“Millions for defense, but not one penny for tribute!” So said Congressman Robert Goodloe Harper in 1798 in response to an attempt by French foreign minister Talleyrand to extort a bribe in return for negotiating a treaty with the new United States. Then came the whole Barbary pirates engouement, where Americans got bent out of shape over North African corsairs capturing American sailors and holding them for ransom or selling them into slavery. So, the Americans decided to burn the place down. Not the last time that Americans have felt that way. Sometimes they act on it. Certainly it has become something of a cultural trope. “The Searchers” (dir. John Ford, 1956) tells the story of a revenge-mad man hunting the Comanche band that had killed most of his family and kidnapped his nieces. In theory, he wants the niece back; in reality, he’s out for blood. So a basic American history class would probably be a good idea for radical Islamists. JMO. You do what you want. It’s a free country. Well, ours is.
Anyway, as the twig is bent, so grows the tree. These days, terrorists often finance their operations by kidnapping Westerners (including Japanese) and holding them for ransom. For a while, Somali fishermen-turned-pirates captured cargo ships and held both ship and crew for ransom. Most countries just pay the ransom and get their people back as soon as possible. Not the US. The US opposes paying ransom, arguing—reasonably enough—that this just encourages the terrorists and pirates. Generally, the American public supports this policy. In September 2014, almost two-thirds (62 percent) agreed that the government should not pay ransom, while 21 percent thought that the government should pay.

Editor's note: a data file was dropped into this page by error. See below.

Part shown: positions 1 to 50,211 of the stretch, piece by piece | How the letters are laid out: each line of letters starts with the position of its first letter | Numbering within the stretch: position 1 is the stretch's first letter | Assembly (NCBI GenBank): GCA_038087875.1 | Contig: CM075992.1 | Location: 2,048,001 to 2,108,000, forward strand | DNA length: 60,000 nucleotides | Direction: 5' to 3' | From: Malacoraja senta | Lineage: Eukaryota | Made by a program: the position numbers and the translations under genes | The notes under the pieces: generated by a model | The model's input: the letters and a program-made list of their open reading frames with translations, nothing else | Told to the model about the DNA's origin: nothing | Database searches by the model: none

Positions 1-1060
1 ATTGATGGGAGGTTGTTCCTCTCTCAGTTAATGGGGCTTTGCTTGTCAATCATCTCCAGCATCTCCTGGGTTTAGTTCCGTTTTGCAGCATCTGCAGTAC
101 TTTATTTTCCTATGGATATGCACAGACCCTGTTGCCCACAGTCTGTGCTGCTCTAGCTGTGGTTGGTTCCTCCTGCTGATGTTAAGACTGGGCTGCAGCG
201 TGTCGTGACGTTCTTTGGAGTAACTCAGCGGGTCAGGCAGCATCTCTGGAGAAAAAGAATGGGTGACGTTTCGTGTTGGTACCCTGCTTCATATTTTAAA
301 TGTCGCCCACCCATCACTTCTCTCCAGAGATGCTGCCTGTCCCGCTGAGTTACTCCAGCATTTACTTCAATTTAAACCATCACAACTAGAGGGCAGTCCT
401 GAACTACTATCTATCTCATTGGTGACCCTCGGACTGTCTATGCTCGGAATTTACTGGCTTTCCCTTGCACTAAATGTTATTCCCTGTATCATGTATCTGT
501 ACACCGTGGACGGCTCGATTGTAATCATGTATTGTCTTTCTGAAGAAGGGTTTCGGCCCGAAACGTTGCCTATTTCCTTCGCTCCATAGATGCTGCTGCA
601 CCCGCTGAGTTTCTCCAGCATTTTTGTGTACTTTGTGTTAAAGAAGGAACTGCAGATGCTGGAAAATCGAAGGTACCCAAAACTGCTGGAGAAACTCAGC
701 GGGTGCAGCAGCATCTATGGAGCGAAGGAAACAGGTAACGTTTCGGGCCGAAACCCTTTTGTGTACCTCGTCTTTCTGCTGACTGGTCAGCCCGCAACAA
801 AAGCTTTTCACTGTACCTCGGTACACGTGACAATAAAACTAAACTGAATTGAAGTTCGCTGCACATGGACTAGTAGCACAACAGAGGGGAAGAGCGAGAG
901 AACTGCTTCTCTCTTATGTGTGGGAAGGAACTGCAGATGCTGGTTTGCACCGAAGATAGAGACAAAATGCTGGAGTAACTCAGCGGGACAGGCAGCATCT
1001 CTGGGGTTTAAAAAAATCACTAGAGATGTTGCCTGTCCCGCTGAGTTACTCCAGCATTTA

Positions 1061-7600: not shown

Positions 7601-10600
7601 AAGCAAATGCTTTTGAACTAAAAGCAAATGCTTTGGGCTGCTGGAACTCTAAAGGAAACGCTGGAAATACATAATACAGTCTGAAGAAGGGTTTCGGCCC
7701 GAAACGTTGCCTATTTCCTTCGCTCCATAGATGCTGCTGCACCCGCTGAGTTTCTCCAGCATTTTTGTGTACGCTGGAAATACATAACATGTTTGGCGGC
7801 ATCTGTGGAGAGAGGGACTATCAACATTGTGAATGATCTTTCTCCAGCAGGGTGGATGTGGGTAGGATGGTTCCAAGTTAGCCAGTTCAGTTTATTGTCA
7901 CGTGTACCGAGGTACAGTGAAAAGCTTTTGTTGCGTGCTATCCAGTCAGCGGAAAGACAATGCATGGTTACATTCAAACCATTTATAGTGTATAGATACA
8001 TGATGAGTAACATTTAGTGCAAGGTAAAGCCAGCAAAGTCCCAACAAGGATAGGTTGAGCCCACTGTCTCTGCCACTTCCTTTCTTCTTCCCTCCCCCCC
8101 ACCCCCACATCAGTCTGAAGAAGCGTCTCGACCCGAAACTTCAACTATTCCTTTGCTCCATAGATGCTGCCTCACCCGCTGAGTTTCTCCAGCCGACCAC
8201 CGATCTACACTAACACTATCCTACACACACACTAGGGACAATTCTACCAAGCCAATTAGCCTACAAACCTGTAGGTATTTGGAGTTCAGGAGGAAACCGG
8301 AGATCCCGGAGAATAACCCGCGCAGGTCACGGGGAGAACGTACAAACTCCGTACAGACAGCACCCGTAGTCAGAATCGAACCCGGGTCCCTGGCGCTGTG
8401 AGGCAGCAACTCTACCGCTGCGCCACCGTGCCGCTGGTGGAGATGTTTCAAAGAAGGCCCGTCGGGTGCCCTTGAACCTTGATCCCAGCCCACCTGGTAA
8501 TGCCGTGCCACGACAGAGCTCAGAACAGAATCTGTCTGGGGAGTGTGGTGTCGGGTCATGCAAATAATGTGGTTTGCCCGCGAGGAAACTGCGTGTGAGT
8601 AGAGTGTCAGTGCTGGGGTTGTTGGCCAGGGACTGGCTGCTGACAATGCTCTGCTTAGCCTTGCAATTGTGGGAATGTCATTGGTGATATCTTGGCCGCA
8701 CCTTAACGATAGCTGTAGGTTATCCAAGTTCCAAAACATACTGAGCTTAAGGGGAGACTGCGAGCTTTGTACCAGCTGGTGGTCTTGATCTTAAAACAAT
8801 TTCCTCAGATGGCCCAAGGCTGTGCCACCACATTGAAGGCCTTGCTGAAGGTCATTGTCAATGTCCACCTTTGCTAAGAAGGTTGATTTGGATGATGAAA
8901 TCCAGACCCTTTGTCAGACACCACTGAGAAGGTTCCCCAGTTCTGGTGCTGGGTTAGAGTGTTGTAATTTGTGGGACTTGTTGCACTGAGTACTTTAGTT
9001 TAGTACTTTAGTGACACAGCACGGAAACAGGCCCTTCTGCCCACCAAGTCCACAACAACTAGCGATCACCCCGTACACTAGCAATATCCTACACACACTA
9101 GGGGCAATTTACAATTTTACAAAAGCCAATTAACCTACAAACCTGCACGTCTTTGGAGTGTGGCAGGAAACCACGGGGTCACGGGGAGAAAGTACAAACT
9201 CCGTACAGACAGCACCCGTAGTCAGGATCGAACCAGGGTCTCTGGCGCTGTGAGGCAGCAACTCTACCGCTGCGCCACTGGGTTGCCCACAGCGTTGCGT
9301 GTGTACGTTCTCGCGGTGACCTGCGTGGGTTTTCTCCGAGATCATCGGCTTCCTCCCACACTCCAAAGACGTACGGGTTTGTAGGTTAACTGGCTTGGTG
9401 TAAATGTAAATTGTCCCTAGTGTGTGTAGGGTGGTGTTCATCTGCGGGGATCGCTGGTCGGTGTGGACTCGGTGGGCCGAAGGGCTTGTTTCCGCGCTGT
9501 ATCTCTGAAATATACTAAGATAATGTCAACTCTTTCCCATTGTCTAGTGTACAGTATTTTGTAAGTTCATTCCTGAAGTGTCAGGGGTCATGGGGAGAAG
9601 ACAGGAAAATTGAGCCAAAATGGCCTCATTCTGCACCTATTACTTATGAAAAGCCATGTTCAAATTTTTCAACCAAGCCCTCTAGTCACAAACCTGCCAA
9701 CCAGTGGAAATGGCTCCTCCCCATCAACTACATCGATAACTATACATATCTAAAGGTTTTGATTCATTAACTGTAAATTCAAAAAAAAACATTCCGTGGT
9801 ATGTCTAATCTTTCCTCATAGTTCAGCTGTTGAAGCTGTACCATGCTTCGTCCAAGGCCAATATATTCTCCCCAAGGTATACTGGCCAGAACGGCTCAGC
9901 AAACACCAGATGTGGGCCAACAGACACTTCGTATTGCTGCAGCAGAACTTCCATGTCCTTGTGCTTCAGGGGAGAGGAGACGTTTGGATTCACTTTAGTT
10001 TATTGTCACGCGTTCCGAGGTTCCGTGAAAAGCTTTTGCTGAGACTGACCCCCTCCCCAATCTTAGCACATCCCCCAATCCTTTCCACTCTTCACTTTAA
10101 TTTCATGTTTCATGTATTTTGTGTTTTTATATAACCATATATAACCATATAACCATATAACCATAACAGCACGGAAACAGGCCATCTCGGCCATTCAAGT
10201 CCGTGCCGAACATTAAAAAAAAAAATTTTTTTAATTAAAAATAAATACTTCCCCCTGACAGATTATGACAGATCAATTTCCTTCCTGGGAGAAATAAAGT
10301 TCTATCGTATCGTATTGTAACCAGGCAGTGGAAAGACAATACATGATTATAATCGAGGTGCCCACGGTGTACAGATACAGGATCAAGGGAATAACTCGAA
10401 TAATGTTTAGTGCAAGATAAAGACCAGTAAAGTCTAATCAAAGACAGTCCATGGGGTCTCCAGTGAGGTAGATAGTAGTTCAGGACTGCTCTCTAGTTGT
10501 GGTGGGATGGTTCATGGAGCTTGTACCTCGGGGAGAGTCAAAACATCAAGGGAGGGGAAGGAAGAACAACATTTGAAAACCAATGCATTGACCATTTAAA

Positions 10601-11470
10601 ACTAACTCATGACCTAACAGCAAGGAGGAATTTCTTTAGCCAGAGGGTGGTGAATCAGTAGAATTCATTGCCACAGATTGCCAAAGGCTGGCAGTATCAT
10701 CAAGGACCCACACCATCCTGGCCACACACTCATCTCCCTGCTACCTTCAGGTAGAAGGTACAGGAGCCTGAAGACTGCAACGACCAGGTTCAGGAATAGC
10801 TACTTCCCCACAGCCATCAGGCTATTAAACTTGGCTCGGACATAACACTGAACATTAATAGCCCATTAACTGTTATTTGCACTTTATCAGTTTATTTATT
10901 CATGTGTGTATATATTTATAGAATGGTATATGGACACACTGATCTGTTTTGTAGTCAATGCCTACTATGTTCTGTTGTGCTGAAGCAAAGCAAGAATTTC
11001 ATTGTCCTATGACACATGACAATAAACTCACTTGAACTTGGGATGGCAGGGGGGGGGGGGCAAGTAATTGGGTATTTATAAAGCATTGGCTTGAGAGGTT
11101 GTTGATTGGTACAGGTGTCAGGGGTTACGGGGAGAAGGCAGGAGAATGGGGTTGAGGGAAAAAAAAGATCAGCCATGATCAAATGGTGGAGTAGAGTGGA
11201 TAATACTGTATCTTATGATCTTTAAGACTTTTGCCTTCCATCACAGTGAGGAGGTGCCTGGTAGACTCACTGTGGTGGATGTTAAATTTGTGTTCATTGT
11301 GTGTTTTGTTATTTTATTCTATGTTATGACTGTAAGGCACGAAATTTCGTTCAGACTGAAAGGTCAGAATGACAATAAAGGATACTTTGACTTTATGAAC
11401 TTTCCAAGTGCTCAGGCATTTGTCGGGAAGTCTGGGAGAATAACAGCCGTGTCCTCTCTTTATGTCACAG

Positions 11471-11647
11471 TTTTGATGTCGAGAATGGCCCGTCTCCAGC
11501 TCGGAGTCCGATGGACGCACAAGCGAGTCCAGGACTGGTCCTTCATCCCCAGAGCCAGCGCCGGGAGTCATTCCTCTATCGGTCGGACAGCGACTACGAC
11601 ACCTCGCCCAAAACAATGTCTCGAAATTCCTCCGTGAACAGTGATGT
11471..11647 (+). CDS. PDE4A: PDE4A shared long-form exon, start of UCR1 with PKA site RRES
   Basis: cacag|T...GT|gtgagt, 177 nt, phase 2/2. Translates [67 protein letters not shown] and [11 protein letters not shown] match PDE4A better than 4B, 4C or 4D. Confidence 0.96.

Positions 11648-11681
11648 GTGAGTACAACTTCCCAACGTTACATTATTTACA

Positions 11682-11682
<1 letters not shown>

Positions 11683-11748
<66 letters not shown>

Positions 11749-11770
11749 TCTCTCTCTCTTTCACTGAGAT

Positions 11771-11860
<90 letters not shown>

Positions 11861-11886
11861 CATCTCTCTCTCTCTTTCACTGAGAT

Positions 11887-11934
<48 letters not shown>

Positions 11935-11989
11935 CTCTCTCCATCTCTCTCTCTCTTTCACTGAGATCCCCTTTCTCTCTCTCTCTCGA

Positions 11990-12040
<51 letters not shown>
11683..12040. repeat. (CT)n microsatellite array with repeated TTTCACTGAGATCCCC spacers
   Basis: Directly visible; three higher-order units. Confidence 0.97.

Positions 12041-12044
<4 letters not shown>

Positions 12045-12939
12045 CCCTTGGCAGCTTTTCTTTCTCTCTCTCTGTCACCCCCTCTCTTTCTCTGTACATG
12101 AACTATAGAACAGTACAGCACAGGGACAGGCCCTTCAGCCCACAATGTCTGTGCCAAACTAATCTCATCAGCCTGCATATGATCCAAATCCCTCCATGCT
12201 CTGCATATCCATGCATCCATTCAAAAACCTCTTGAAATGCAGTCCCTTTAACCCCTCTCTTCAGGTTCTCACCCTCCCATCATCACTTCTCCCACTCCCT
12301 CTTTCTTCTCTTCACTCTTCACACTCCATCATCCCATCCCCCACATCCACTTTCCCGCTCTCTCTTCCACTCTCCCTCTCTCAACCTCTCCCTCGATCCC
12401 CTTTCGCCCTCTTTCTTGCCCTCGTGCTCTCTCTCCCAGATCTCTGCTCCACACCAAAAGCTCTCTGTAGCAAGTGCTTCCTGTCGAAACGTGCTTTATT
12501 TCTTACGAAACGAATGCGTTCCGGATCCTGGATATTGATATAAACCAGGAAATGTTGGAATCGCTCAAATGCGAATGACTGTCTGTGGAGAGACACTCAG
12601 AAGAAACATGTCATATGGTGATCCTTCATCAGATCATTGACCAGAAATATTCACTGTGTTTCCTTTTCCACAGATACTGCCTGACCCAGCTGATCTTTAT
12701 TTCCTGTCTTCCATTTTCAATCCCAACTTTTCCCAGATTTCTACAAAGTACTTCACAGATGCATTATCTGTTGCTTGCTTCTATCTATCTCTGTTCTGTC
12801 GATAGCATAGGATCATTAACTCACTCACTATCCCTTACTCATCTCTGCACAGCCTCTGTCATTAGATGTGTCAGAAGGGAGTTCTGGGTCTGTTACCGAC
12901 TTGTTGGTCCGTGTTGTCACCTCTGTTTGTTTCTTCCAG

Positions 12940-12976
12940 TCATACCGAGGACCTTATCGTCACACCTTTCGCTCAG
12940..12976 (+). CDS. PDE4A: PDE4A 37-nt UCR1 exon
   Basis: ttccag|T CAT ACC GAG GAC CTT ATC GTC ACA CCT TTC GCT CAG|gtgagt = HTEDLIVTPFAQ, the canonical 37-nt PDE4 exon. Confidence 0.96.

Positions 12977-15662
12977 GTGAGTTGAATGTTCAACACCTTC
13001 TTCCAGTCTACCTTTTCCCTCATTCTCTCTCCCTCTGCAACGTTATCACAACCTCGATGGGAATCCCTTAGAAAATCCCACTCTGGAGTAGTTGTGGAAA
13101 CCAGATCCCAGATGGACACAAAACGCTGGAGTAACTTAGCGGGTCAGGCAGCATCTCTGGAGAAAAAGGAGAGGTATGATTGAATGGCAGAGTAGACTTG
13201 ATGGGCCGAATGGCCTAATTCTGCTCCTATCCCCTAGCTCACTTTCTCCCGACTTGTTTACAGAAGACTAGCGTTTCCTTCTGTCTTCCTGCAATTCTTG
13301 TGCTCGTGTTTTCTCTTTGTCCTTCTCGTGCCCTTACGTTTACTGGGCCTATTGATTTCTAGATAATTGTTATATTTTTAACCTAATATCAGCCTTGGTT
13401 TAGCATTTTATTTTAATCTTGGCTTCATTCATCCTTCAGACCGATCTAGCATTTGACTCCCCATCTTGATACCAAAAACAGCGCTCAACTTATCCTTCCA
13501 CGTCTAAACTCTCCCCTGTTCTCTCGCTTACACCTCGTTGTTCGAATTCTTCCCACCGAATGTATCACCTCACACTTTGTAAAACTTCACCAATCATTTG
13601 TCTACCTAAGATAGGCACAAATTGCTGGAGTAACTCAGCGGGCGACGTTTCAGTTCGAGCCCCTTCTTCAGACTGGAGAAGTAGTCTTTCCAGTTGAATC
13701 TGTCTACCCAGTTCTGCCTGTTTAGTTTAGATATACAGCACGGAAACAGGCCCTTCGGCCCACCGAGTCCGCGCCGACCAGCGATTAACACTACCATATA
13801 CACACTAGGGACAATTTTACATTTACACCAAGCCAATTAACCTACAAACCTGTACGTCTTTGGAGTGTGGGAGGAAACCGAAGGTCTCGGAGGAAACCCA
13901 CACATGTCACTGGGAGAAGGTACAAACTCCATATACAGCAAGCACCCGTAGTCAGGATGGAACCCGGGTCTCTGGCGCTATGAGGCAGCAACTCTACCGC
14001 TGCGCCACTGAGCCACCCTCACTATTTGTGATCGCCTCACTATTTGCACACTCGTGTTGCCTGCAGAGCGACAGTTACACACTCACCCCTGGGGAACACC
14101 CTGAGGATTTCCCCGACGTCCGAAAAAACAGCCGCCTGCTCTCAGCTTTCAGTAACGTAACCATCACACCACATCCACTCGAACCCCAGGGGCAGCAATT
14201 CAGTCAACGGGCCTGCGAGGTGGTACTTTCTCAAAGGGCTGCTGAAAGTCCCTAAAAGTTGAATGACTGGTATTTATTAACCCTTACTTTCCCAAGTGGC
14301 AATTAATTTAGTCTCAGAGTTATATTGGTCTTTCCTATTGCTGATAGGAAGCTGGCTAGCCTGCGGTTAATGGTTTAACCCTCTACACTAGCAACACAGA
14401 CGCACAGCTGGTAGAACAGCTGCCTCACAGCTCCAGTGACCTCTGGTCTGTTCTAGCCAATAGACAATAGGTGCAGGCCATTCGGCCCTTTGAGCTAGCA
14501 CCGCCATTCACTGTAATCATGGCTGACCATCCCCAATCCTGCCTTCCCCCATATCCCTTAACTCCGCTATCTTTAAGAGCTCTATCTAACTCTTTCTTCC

Theory versus Practice. Back in 2009, Army sergeant Bowe Bergdahl wandered away from his post in Afghanistan. The Taliban snapped him up. In June 2014, the US traded five Taliban prisoners for Bergdahl. That’s “tribute.” Many Americans—43 percent according to a Pew poll—disapproved of the deal. The division followed the usual partisan lines of the Obama administration: 71 percent of Republicans and 24 percent of Democrats opposed the deal; while 55 percent of Democrats and 16 percent of Republicans approved the deal. That means that 13 percent of Republicans and 21 percent of Democrats “don’t know.”
It is interesting to compare this with Israel’s response to similar situations. Since about 1985, Israel has traded Palestinian prisoners for captured Israeli soldiers, civilians, and war-dead. The customary tariff seems to be about 100 Palestinians for each Israeli: 86 Israelis released in exchange for 8,000 Palestinians. It appears to be a widely shared axiom among Israelis that you get your people back, even at a high price.
 Previously, “Americans” had been “British.” This meant that Barbary corsairs capturing British-flagged vessels would vex the British government, which would send some hard-case from the Royal Navy to negotiate. “How ‘bout you give me some money and I give you the captives?” versus “How ‘bout you give me the captives and I let you go on living—until the next time our paths cross?”
 See: “To the Shores of Tripoli” (1942) https://www.youtube.com/watch?v=SeTMTN7KtUg and “Tripoli” (1950) https://www.youtube.com/watch?v=1XZZnWMP4CU Oddly, both star John Payne.
 On the other hand, there’s this apocryphal story you still hear once in a while. Some Middle Eastern terrorists purportedly snatched a KGB officer and demanded ransom. Next thing you know they got a shoe-box delivered to their hide-out. Inside were the hands of one of the kidnappers who had gone out for falafel or something. Russkies got their guy back in a hurry.
 See: “Captain Phillips” (dir. Paul Greengrass, 2013).
 “Poll Watch,” The Week, 5 September 2014, p. 17.
 “Poll Watch,” The Week, 20 June 2014, p. 17.
 “Noted,” The Week, 20 June 2014, p. 16.